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There might be some workaround for this one - however, I'm not sure what it is at the moment. After setting the MaxLength property of a textbox, I am unable to manually exceed the MaxLength of the textBox. On the other hand, if I were to create a loop which programmatically added characters to the textbox - this loop could exceed the maxLength property.

    textBox1.MaxLength = 5;  // I am now unable to manually type in more than 5 chars.

    for (int i = 0; i < 20; i++)
    {
    textBox1.AppendText("D");
    }

// Textbox now holds 20 chars.

Without having to write more lines of code to take a portion of this data, is there a way to ensure that the maxlength property is not exceeded?

Regards, Evan

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1  
asp.Net ? winform ? wpf ? – Steve B Jun 21 '11 at 12:18
    
c# Windows form – user725913 Jun 21 '11 at 12:21
    
add the corresponding tag to the question please – Steve B Jun 21 '11 at 12:22
    
I don't see why you would even create such a scenario? – Daniel Ziga Jun 21 '11 at 12:24
    
I'm a bit confused. The only way someone will get past your MaxLength property is by getting the source. Other than that, I don't see the issue you're bringing up. – Kyle Undefined Jun 21 '11 at 12:24
up vote 6 down vote accepted

MaxLength: Gets or sets the maximum number of characters the user can type or paste into the text box control. (Forms) http://msdn.microsoft.com/en-us/library/system.windows.forms.textboxbase.maxlength.aspx and Gets or sets the maximum number of characters allowed in the text box. (web) http://msdn.microsoft.com/en-us/library/system.web.ui.webcontrols.textbox.maxlength.aspx

In other words, that's the point of MaxLength - it's all about controlling user input. Since you own the textbox to begin with, you don't need to set your own hard programmatic restrictions.

So in short, no - you can't change this behavior without overriding some other functionality - for instance on OnChanged - or adding the conditional tests like those shown by Ben and Sres.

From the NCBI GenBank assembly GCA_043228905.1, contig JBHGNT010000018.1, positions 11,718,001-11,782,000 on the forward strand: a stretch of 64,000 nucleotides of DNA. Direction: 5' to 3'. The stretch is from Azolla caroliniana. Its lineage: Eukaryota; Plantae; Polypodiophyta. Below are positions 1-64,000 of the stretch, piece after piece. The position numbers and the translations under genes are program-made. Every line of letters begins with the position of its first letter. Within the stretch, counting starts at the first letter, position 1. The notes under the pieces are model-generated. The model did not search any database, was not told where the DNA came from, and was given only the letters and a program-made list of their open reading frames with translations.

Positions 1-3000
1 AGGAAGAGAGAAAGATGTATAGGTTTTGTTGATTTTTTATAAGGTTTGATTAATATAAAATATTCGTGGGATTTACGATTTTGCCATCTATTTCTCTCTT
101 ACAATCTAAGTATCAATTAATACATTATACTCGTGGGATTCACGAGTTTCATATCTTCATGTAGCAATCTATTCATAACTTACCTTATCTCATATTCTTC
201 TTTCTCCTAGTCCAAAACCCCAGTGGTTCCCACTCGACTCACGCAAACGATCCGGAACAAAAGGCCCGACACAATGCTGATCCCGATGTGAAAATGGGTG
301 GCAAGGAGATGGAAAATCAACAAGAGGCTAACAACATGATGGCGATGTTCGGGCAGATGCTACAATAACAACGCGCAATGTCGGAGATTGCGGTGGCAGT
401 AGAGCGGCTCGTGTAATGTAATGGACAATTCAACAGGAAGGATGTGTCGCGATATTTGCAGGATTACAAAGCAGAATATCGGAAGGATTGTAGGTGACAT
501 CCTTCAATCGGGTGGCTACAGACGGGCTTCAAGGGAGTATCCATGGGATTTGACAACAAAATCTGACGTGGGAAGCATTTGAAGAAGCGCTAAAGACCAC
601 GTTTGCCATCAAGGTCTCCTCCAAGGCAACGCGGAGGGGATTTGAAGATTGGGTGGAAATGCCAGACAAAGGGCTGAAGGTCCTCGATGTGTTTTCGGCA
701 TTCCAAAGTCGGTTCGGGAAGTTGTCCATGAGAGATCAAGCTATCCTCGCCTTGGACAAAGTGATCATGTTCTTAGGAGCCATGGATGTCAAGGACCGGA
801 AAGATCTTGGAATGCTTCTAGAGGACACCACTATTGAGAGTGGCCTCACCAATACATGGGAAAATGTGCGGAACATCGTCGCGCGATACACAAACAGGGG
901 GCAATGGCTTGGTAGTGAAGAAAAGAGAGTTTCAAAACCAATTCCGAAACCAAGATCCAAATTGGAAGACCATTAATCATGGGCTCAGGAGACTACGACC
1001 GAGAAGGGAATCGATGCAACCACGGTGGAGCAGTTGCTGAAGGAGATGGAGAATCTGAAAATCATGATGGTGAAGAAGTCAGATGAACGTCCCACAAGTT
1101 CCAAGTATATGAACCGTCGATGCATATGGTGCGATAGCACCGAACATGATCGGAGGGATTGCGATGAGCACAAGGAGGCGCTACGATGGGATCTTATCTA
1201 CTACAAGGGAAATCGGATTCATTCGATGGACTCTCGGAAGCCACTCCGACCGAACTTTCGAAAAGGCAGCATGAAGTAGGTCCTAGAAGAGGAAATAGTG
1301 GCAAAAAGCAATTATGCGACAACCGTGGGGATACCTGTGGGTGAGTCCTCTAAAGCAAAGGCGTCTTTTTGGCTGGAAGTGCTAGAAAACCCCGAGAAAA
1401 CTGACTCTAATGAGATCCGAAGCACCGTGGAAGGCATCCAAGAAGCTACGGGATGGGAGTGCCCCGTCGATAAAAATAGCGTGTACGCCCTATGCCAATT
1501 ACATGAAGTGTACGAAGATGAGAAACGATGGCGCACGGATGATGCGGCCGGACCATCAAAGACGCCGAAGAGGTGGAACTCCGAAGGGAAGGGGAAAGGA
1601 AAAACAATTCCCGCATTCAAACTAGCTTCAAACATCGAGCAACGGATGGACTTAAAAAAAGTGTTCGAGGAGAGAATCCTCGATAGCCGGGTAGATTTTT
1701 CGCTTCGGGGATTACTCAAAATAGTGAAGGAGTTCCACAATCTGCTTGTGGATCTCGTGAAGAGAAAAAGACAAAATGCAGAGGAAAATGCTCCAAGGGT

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Alright. Thank you - this is what I was looking for then. – user725913 Jun 21 '11 at 12:25

From the MSDN docs:

In code, you can set the value of the Text property to a value that has a length greater than the value specified by the MaxLength property. This property only affects text entered into the control at run time.

If you want to prevent Text from being longer than MaxLength, some extra code is needed.

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How about:

textBox1.MaxLength = 5; 

for (int i = 0; i < 20 && i < textBox1.MaxLength; i++)
{
    textBox1.AppendText("D");
}

Not sure if that counts as "more lines of code" but it's a pretty simple extra check.

share|improve this answer
    
The loop was just an example of how easy it is to bypass this property. I have many different methods throughout my code where this textbox is being appended and I need to ensure it does not exceed the MaxLength property previously set. I do not want to have to alter each method manually. Thanks – user725913 Jun 21 '11 at 12:23
textBox1.MaxLength = 5;

while(textBox1.Text.Length <= textBox1.MaxLength)
    textBox1.AppendText ("D");

This should do it I believe

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MaxLength property prevent user to type more than n characters. but when you set the Text property programatically,your textbox will show the value of its Text property even if its length exceed the value MaxLength

so you have to check if your loop exceed the maxlength or not.

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As far as I know setting the maximum width of a textbox only enforce this restriction to end user who is entering values thorough UI. This restriction doesn't apply on code

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MaxLength is used when you don't want the user to be able to input more than the assigned amount. However, programatically, it can be overridden. This is what append text does:

public void AppendText(string text)
{
    if (text.Length > 0)
    {
        int start;
        int length;
        this.GetSelectionStartAndLength(out start, out length);
        try
        {
            int endPosition = this.GetEndPosition();
            this.SelectInternal(endPosition, endPosition, endPosition);
            this.SelectedText = text;
        }
        finally
        {
            if (base.Width == 0 || base.Height == 0)
            {
                this.Select(start, length);
            }
        }
    }
}
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You could write an extension method, and use it to append text instead of .AppendText()

void Main()
{
    var t = new TextBox();
    t.MaxLength=5;
    t.Text = "123";
    t.AppendTextRespectMaxLength("456789");
    t.Text.Dump(); // prints 12345
}

public static class ExtensionMethods
{
    public static void AppendTextRespectMaxLength(this TextBox textbox,string newText)
    {
        if(textbox.Text.Length + newText.Length <= textbox.MaxLength)
        {
            textbox.Text += newText;
        }
        else
        {
            var remaining = textbox.MaxLength - textbox.Text.Length;
            var subPortion = newText.Substring(0,remaining);
            textbox.Text += subPortion;
        }
    }
}
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